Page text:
He has a dream toward the end. He's about to go into battle with Richmond, and the night before, he has this dream where these ghosts of all the people he's killed tell him: You're gonna die, you're gonna die, you're gonna die!

KC: That's great!

DS: I know! And of course he wakes up out of this nightmare, and he actually has a conscience. In fact [Queen] Margaret says that to him, that's her curse to him: "The worm of conscience still begnaw thy soul."

KC: Ah!

DS: It's this one little moment in the middle of Act One, where she just ... [makes knife-twisting sound]. And what she says comes true. She's like Cassandra, in that she's telling the truth to all of them. They won't listen, and everything she says comes true during the course of the play.

KC: I love her making the worm of conscience be her curse to Richard, because having a conscience is what makes playing a villain less fun. When your villain has a conscience, that's what sucks the fun out of playing it. And I guess that sucks the fun out of the villain, too. I mean, if you're just a complete sociopath, you can ...

DS: Right! But Shakespeare provides Richard with little places, tiny places within the script, where that worm of conscience is beginning to gnaw at him. And then he pushes it down.

Katherine Catmull
Katherine Catmull
Photo By Bret Brookshire

KC: Would you say your character in [Pinter's] Ashes to Ashes was a villain?

DS: I think you could say he represented something villainous.

KC: I started thinking: "Are there characters in Pinter who are not villains?" My character in A Kind of Alaska wasn't a villain, but Pinter characters do tend to ... You don't have many heroes, even if there aren't that many clear villains.

DS: Right. I think in Ashes to Ashes, that's true.

KC: I don't think my character [Rebecca] was a hero. I think she was kind of a villain too, just in a different way.

DS: Mmm-hmm. And I think the same thing of [my character] Devlin. He seemed a little scary, especially the way it was staged -- her vulnerability as opposed to his control.

But in real life, who is really a villain? You could make the argument that our entire nation, our entire culture, is villainous by us using air conditioning and driving our cars around the block and our consumption of everything, our consumption of other countries. All of this is thoughtless villainy to the rest of the world, and we are oblivious to it. We just expect it to be there. It's that way, don't you think, with Pinter villains -- or Pinter people? It's not just one or the other, there's good and bad.

KC: Yes. Betrayal is a really great example of that, where each of those characters is really awful, but not a villain.

DS: I think in Ashes to Ashes, at least for me, Devlin being who he was, and appearing to be villainous, certainly did not understand. I think part of the power that Rebecca had over him was that she confused him; she knocked him off-balance. And he kept trying to control and figure this out, and it's got to be logical and clear-cut; and she presented this ... [makes a gesture of blowing wisp into the air, shrug], you know? Which blew him out. He never understood what was going on with her ...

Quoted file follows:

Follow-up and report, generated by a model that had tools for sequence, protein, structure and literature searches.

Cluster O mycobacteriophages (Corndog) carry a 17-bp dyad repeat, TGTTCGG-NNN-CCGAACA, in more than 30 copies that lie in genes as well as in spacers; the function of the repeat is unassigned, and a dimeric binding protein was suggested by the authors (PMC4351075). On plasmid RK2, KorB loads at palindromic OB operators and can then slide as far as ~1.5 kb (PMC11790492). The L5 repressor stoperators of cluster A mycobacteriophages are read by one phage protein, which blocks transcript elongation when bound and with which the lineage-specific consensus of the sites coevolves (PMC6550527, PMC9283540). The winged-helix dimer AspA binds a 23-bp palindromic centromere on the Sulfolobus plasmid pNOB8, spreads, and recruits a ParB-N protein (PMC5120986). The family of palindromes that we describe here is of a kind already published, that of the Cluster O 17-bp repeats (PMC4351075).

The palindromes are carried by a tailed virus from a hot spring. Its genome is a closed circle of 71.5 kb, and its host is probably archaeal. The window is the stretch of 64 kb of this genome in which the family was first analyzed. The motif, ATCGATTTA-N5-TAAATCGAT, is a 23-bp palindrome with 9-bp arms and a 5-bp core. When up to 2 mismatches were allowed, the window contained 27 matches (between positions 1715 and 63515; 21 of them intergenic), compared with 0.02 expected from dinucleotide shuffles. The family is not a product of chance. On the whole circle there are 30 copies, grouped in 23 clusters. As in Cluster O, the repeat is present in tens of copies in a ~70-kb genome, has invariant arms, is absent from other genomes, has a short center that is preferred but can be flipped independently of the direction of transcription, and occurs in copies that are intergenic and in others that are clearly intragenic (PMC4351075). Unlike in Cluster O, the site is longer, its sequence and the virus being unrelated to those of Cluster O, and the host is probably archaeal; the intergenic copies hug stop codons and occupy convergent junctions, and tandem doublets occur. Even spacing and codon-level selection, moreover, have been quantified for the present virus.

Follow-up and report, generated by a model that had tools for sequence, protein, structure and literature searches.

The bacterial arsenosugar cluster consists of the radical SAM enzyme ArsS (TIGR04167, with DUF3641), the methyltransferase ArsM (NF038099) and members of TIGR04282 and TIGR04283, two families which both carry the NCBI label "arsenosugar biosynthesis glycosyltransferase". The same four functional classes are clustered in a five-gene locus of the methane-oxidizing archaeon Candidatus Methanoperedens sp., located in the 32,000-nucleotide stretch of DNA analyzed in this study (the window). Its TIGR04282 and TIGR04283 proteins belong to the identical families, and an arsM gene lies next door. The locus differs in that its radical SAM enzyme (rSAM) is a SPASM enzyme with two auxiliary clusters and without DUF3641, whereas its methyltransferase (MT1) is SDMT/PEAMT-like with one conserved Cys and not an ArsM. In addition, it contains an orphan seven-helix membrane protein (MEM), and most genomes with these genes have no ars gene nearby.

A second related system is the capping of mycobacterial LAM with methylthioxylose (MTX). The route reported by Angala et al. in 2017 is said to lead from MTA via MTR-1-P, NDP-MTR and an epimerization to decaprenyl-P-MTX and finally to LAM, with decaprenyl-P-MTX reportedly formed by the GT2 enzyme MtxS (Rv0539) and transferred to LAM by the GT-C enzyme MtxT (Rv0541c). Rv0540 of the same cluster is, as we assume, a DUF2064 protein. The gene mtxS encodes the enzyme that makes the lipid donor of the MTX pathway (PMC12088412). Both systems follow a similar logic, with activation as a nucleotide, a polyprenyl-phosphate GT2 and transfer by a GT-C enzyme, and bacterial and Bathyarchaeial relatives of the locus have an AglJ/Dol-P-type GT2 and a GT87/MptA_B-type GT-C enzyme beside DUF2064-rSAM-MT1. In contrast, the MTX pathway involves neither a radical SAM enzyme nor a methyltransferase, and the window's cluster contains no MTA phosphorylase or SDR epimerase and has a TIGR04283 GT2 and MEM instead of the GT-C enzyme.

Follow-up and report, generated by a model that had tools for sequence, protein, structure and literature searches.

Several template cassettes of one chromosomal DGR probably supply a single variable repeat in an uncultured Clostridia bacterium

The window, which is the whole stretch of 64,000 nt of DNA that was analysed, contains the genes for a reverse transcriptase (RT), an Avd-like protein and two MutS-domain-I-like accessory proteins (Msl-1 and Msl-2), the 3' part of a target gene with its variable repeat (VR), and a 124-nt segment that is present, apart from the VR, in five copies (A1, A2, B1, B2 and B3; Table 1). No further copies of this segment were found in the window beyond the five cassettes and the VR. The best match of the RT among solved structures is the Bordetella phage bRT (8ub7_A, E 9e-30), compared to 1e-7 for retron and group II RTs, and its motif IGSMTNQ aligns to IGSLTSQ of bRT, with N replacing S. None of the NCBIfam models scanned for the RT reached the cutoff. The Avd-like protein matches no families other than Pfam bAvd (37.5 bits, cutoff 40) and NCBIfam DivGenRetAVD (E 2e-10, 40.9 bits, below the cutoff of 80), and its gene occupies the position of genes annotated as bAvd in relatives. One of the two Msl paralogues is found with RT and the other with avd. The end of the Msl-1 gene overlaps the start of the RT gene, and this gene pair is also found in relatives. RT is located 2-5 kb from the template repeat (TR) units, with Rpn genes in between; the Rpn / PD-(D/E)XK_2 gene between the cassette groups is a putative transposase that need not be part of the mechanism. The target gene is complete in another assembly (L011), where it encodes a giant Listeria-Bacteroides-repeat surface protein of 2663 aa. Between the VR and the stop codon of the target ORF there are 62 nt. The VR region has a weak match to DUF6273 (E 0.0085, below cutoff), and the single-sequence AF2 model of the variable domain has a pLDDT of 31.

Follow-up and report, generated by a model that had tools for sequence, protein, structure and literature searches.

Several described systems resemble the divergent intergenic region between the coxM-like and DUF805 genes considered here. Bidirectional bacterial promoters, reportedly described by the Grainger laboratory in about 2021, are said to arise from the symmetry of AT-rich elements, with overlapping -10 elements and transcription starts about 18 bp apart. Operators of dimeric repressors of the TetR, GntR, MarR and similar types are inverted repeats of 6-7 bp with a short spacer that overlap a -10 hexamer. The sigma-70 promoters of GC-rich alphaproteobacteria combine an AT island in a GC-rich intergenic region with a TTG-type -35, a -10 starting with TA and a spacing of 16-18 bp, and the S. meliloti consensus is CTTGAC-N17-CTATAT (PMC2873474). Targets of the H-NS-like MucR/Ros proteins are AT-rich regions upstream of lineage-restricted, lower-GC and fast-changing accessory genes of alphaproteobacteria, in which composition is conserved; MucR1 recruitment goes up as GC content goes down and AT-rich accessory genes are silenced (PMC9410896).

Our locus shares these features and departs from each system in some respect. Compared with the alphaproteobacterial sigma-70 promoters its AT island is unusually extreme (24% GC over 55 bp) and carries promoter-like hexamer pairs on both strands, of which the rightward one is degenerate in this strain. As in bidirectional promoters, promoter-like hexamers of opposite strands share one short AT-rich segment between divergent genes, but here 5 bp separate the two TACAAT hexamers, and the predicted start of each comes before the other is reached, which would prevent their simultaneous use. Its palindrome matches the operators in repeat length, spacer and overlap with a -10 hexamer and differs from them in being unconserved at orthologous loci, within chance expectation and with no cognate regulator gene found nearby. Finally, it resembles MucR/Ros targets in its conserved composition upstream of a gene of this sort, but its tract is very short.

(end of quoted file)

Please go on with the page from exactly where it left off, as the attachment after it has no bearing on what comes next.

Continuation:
KC: ... and he couldn't control it. I think control is a really big word for villains in general, but anyway for Devlin. Ruth, in The Homecoming is my favorite part I've ever played -- I'm sure I've said this to you before because I say it to everybody, but it really was so much fun, and it was because of what you were saying before. She has an impulse, and she follows it. She's like the opposite of Hamlet: "Oh, should I do that, would that be right? What about my children at home? I wonder what my husband would think?" -- none of that. If she has an impulse, she completely follows it.

Another villain you played, which is one of my favorite things you've ever done, is Tartuffe.

DS: [laughs]

KC: I loved Tartuffe!

DS: But, see, that one's just a plain, fun, romp villain. You know: "Here I am, I'm just this big giant hypocrite!" And that was so much fun! My connection with the church is so strong, it was so easy to read that character; I've seen people like this, you see them all the time. Certainly that's why the interpretations of Tartuffe as a televangelist are now so obvious. The way he just dupes all those people. And it's fun!

KC: What I loved about Tartuffe the way you played him is that he was actually really adorable. I mean he's such a horrible person but he was so ... he was so happy with what he was doing. He had a real childlike quality. So does he have to pay in the end in any serious way?

DS: Yeah, he gets thrown in jail.

KC: But do we have to see him all humiliated and sad, or does it look like at the end that he still has a spark of life?

DS: No, he gets carted off to prison.

KC: [disappointed] Oh ...

DS: [laughs] I think! I mean, I'm thinking that's what happens.

KC: There ought to be more plays where the villain doesn't have to pay at the end! Which is another great thing about The Homecoming. Ruth is happy at the end; she doesn't have to pay like Richard does.

DS: I guess you could say there's a payback, absolutely.

KC: Well, he has bad dreams ...

DS: Yeah, but he overcomes it again. Catesby comes in saying, "Come on, let's go." And Richard is all freaked out: "Oh my god, I'm so scared." And they're like, "Come on, buck up, let's go." And he does. "What do I have to fear? [growling] Let's go! Come on!" And he dies in that state.

KC: Oh, that's nice!

DS: I'm fighting back. It's not like "Oh, poor pitiful me! Kill me!"

Playing the Bad Guy
Photo By Bret Brookshire